What makes a wine kosher?

This is the most commonly asked question. Two things are necessary.

  1. Wine which is produced from grapes must be handled by Sabbath observant Jews from the time it is tested for sugar content, until the time it is bottled and sealed with a tamper proof seal, or made mevushal (see the next question and answer).
  2. All the ingredients used must be certified as being kosher, including all those that are used to process the wine but not necessarily left in the wine after bottling (such as filtering agents etc.)
What is mevushal and why is it important?

Mevushal literally means boiled, however, the way you consider boiling is not necessarily what rabbinic definition is. Most kosher certifications consider about ~165F as a bench mark. The relevance of mevushal comes into play when the venue for the use of the wine is in a public area such as a hotel, country club, etc. Almost all kosher supervisions will not allow anything but mevushal wines as these are the only wines that need not be poured by Sabbath observant jews.

Does the mevushal process ruin the wine?

Absolutely not! Numerous large wine companies use flash pasteurization, also called “High Temperature Short Time” processing, as a method of heat pasteurization of wine which theoretically does not allow the heat to effect the wine. Almost all kosher wine companies use it. Does it make a difference? You be the judge! I will tell you that most people can’t tell. Me? I’m not telling!

What makes wine traditional?

This is probably the second most asked question. Most people think that it has to be red and sweet. Nothing could be further from the truth. If you lived in France a hundred and fifty years ago, you might have drunk a kosher Bordeaux or Burgundy, in Italy it might have been Barolo. So what happened here? How did we end up with Concord, which is really a table grape? My theory is that when our grandparents came here, the only grapes that that were available were Concord. When they made it into wine it was undrinkable, so they just kept on adding sugar until it was palatable. In any case, drink any wine you like, and that will be “your tradition”!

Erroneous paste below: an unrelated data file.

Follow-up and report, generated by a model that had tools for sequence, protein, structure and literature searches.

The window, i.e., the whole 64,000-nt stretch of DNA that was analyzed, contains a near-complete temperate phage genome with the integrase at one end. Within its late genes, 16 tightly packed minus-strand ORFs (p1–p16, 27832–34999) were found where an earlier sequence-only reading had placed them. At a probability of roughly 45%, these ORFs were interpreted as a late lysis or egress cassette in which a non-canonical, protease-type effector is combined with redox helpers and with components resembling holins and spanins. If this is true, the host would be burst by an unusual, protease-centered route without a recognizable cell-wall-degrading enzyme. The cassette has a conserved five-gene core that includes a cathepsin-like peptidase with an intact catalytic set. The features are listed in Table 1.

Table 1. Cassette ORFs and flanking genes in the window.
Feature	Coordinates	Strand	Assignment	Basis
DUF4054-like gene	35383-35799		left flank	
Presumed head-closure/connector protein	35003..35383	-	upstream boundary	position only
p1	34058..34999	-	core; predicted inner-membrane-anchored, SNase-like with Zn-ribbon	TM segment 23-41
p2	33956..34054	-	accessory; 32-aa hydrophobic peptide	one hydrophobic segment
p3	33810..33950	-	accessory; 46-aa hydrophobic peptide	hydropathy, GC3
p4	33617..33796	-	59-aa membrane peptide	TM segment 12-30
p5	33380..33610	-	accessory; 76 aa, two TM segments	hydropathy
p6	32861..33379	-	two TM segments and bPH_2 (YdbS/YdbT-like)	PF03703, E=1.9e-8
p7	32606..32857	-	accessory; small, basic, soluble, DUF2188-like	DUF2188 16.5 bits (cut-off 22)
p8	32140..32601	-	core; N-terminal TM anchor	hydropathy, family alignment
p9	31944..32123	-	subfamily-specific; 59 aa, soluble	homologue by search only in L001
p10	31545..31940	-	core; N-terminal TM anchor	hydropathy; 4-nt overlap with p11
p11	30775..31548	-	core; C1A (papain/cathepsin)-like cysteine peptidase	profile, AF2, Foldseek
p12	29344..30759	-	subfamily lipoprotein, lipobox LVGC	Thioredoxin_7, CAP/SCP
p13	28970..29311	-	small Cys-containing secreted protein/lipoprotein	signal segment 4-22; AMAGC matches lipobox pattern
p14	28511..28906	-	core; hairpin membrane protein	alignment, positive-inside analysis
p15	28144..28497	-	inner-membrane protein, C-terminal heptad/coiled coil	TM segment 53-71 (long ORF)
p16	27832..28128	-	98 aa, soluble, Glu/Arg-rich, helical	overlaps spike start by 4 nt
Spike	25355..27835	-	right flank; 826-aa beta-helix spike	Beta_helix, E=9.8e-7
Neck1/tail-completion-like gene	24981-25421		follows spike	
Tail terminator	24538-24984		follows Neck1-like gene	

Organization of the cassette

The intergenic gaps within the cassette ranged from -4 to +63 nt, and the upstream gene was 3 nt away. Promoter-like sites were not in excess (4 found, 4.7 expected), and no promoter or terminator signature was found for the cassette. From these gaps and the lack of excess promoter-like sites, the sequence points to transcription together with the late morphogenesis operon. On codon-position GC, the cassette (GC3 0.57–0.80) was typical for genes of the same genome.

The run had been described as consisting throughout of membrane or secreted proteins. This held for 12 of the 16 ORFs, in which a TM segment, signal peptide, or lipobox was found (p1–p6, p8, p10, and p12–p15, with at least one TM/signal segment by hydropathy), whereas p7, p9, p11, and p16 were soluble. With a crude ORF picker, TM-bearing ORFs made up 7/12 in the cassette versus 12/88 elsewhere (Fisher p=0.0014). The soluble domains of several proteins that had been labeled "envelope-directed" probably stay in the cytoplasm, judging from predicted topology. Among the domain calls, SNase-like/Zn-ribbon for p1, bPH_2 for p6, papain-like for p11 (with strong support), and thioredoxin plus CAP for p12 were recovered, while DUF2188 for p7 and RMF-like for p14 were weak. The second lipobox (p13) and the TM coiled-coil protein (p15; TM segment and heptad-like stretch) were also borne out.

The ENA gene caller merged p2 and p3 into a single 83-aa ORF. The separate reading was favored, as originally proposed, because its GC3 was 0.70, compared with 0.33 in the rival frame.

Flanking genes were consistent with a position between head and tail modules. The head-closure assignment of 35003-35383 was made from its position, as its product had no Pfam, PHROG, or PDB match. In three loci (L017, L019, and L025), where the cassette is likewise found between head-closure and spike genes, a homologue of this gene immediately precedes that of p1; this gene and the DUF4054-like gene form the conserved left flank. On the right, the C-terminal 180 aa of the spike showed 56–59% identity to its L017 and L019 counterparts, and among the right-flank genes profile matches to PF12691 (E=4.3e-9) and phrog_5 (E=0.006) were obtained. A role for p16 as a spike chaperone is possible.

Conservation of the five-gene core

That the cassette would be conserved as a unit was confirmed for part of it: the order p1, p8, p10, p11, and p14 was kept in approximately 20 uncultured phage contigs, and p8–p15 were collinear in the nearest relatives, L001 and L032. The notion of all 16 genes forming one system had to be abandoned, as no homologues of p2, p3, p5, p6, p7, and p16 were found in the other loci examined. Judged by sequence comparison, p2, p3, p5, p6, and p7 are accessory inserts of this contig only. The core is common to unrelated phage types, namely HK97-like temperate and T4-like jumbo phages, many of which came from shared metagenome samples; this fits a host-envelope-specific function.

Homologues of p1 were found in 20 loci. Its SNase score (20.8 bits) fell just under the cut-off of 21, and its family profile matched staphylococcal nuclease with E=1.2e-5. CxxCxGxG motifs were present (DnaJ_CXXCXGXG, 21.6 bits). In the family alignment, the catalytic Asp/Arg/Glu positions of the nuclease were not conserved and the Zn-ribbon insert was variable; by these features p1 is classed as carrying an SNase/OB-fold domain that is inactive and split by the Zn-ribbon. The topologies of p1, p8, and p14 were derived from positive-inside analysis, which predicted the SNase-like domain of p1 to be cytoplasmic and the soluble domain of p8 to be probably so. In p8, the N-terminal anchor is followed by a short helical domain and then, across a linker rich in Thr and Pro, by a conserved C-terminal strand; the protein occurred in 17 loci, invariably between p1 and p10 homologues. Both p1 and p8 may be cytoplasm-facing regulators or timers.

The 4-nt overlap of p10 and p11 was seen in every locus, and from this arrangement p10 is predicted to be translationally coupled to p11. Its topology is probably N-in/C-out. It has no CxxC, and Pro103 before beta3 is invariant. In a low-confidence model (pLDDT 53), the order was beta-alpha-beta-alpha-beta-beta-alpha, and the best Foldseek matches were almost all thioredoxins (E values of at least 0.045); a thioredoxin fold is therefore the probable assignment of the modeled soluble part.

Does wine have to be red to be used for Kiddush?

The answer is no. Use the wine you like most. In fact the kosher wine selection is so large, you should be able to get almost all types in kosher.


Is there any difference between the quality of non kosher and kosher?

Actually the kosher wines have gotten a bum rap (see “what makes a wine traditional?”). In most cases, value to value, the kosher wines are better, and are very rarely not as good.


What is the best temperature to serve wine?

The general rule of thumb is that white wines get served at about 55 degrees and reds at 65 degrees. If you insist on putting wines in the refrigerator (I would use an ice bucket) keep the whites in the refrigerator for about 20 minutes and the reds for about 10 minutes. The same is true for Champagnes. For more specific wines and questions, call us.


Do you have to drink whites with fish and reds with meat?

Only in the case of fish would it be a good idea to pair with whites. The reason is that the oil in the fish combines with the tannic acid to give that vinegary first taste. However generally speaking, all wines should be paired with the region they came from. Italian foods, Italian wines, Spanish foods, Spanish wines, you get the picture. For more specific questions, send us a menu or call and we’ll be happy to pair it for you, we do it all the time.


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